Cross-platform ABI compatibility is stupid in the context they're aiming for; nobody is going to run their PC version of Crysis or MSWord on their cellphone. All that matters is API compatibility. With a consistent API, you can still run a separate binary translator if you really really want to move a desktop app to your mobile device but in most cases it would be a bad idea because a desktop app is unlikely to take advantage of power-saving APIs that would be important on a mobile. I.e., most of the time you're going to want purpose-built mobile apps anyway.
    Reply
  • floxem - Tuesday, April 15, 2008 - link

    I agree. But it's Intel. What do you expect? Reply
  • maree - Thursday, April 03, 2008 - link

    I dont think MS will be ready before Windows 7 is released, which is another 3-5 years... and might coincide with Moorestown. Microsoft started work on WindowsLite only after releasing Vista. Vista is bloatware as of now. As of now MS has to rely on crippled versions of XP and Vista like starter and home, which is not very ideal.

    Apple and Linux are going to have a free run till then...
    Reply
  • TA152H - Wednesday, April 02, 2008 - link

    Bringing up the Pentium is a little strange, because the whole market is completely different.

    The Pentium wasn't supposed to be for everyone when it came out. The processor market was different back then where previous generations lasted a long, long time. The Pentium wasn't supposed to replace the 486 right away, or even quickly, and being huge and a terrible power hog was acceptable because the initial iteration was just for a very small group of people who absolutely needed it. The original Pentium had a lot of problems, and struggled badly to reach 66 MHz, so they sold most of their processors at 60 MHz. The second generation was intended more for mainstream.

    Nowadays the latest generation replaces the earlier much more quickly, and has to cover more market segments more quickly. I still remember IBM releasing new machines for the 8086 in 1987. That's 9 years after the chip was made. It's just a different market.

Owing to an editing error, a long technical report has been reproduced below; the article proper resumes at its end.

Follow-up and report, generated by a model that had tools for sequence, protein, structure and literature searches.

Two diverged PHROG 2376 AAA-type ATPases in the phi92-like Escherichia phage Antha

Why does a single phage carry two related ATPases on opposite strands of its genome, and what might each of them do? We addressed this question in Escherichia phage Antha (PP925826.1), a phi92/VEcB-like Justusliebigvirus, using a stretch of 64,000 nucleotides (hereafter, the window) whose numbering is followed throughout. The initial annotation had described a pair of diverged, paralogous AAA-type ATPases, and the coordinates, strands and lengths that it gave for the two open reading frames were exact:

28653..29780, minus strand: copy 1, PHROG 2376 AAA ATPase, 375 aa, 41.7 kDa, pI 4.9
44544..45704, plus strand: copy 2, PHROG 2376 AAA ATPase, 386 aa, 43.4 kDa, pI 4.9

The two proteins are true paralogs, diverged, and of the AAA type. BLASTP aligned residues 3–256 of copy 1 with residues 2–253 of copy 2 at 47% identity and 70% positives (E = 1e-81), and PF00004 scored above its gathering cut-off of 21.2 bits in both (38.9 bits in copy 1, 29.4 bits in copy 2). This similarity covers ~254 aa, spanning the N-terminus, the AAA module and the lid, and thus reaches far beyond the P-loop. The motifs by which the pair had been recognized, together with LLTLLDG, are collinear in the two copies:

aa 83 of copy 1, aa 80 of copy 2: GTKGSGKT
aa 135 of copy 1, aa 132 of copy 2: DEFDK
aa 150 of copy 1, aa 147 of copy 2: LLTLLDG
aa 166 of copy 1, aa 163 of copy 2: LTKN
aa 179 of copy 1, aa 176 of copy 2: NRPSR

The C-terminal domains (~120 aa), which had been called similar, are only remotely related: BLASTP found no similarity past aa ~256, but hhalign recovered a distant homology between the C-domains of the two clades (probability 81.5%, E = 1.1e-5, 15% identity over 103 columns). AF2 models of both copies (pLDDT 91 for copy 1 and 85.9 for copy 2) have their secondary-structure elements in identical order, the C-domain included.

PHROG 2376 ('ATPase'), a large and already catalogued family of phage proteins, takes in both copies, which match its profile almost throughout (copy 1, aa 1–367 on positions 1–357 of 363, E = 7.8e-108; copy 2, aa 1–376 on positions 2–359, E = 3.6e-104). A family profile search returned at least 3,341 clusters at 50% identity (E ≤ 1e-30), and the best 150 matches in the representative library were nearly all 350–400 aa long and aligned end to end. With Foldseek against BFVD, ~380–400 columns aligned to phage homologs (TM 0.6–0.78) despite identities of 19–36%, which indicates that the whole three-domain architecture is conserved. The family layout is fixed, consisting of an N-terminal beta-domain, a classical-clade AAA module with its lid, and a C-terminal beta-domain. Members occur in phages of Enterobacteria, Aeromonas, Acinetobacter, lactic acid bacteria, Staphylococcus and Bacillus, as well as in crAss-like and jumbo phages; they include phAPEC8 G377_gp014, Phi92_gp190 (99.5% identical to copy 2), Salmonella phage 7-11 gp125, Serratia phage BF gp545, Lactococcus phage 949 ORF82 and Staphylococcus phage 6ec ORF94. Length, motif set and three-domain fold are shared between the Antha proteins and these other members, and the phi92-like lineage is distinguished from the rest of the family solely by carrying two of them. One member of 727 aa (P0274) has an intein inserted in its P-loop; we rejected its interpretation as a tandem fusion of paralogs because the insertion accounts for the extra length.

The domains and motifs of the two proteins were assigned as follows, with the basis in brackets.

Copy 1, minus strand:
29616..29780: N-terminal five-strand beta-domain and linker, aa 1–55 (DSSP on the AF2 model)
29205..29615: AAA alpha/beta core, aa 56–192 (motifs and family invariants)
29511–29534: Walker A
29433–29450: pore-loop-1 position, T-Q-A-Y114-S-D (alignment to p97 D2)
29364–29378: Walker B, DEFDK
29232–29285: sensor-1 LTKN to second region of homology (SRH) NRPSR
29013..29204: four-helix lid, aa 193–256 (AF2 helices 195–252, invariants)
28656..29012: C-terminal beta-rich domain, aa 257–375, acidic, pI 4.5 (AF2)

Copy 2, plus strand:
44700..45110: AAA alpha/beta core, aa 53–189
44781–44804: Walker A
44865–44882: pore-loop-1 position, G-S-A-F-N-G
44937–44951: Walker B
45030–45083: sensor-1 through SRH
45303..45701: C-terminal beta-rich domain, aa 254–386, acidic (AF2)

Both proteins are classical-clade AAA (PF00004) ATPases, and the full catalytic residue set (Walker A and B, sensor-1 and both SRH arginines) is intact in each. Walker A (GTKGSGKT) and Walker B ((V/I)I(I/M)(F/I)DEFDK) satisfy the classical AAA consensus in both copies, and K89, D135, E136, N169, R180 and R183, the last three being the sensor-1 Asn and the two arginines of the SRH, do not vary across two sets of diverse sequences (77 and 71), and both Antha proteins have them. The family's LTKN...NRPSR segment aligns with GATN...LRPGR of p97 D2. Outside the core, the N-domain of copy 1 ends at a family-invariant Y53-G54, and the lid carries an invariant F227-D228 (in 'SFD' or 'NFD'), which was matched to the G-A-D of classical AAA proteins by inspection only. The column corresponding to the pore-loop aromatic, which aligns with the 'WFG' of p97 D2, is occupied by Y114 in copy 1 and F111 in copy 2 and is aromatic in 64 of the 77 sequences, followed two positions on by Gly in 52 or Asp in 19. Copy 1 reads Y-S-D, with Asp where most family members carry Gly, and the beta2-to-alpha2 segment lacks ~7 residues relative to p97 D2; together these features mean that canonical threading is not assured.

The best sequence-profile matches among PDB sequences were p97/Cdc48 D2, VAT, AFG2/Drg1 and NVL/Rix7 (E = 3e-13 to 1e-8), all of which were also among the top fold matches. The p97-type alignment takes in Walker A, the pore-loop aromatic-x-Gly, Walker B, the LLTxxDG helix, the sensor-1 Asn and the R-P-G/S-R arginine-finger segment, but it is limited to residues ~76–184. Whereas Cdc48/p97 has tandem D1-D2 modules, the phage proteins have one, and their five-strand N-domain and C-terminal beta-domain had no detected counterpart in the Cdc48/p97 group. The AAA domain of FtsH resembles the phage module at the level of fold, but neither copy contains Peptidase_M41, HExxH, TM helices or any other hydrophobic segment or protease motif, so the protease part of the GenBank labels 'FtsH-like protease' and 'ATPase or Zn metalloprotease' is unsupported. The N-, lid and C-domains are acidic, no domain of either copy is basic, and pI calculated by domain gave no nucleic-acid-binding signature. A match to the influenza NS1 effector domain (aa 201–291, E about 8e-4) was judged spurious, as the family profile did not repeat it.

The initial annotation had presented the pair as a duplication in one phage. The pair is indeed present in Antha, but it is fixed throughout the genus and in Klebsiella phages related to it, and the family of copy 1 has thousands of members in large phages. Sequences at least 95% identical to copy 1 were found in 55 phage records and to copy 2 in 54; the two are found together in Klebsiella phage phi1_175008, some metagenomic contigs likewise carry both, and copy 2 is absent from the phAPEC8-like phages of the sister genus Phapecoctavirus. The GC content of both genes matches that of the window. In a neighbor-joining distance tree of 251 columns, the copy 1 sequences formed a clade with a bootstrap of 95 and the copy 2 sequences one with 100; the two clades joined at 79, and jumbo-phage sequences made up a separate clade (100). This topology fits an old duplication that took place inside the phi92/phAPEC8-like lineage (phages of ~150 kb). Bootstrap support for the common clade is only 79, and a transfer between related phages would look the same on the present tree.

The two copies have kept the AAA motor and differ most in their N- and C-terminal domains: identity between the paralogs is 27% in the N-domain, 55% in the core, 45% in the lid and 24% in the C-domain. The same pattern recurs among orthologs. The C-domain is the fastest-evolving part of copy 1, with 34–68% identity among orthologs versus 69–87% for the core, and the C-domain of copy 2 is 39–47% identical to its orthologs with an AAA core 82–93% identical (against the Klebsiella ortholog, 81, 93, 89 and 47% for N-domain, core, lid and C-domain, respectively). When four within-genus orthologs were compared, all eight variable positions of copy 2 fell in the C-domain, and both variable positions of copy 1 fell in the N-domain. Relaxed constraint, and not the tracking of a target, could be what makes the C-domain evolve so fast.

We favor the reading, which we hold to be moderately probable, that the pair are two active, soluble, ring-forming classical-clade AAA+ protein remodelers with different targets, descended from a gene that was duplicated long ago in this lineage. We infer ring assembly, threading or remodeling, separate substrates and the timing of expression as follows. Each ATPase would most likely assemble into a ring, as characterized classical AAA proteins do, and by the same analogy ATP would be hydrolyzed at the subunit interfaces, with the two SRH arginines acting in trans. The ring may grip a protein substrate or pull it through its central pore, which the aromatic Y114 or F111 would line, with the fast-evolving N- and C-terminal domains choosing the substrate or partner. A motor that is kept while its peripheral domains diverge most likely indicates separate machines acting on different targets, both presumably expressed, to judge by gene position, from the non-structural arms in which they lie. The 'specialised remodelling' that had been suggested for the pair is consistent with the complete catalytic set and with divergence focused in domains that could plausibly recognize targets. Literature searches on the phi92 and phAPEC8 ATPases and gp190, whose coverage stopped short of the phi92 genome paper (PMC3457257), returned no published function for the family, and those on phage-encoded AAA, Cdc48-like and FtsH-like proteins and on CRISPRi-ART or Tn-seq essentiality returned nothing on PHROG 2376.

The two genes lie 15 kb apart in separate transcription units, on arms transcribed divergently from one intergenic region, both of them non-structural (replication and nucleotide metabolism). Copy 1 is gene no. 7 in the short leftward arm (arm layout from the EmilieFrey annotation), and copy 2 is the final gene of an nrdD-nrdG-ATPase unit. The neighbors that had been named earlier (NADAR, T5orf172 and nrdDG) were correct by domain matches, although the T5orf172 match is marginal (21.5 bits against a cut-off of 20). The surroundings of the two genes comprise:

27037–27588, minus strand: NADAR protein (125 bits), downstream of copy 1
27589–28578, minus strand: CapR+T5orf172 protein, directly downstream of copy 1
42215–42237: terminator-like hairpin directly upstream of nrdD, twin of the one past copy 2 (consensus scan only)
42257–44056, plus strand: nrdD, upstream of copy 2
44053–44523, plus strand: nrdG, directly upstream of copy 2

The Pentium is nothing like the Silverthorne though, and it's a strange comparison. The Pentium executed x86 instructions, it wasn't decoupled. It also had both pipes, the U and V, lockstepped, which is limitation the Silverthorne doesn't have.

    Saying the Pentium Pro was the first processor that allowed out of order processing is strange indeed. The only other processor this would have made sense with was the Pentium, since it was the only previous processor that was superscalar. So, they only made one in order processor, and then went to out of order with the next. It's difficult to see the extrapolation from this that it will be five years or more before Silverthorne goes out of order. It might be that long, but the backwards reference shouldn't be used to back that; it does more to contradict it.
    Reply
  • Anand Lal Shimpi - Wednesday, April 02, 2008 - link

    The Pentium reference was merely to show that what was once a huge, 300mm^2 design could now be built on a much, much smaller scale. And starting from scratch it's now possible to build something in-order that's significantly faster.

    The Pentium was an obvious comparison given that it was Intel's last two-issue in-order design, but I didn't mean to imply anything beyond that.

    It won't be too long before we'll be able to have something the speed of a Core 2 in a similarly small/cool running package as well :)

    Take care,
    Anand
    Reply
  • fitten - Wednesday, April 02, 2008 - link

    I remember back in the days of the Mac FX we talked about 'what ifs' like making a 6502 with the (then) modern process technologies and how fast would it run. I wonder what about now :) Reply
  • crimson117 - Wednesday, April 02, 2008 - link

    quote:

    It won't be too long before we'll be able to have something the speed of a Core 2 in a similarly small/cool running package as well :)


    I am SO going to hold you to that! But I can only hope "won't be long" will mean within 12 months rather than within 12 years :P

    Especially after my fiasco mounting a Freezer 7 Pro on an Abit IP35-E, I'd love if a heatsink weren't even necessary.
    Reply
  • Anand Lal Shimpi - Wednesday, April 02, 2008 - link

    12 months won't be a reality unfortunately :) But look at it this way, the first Pentium M came out in 2003? And 5 years later we're able to have somewhat comparable performance with the Atom processor.

    I'm really curious to see what happens with Atom on 32nm...
    Reply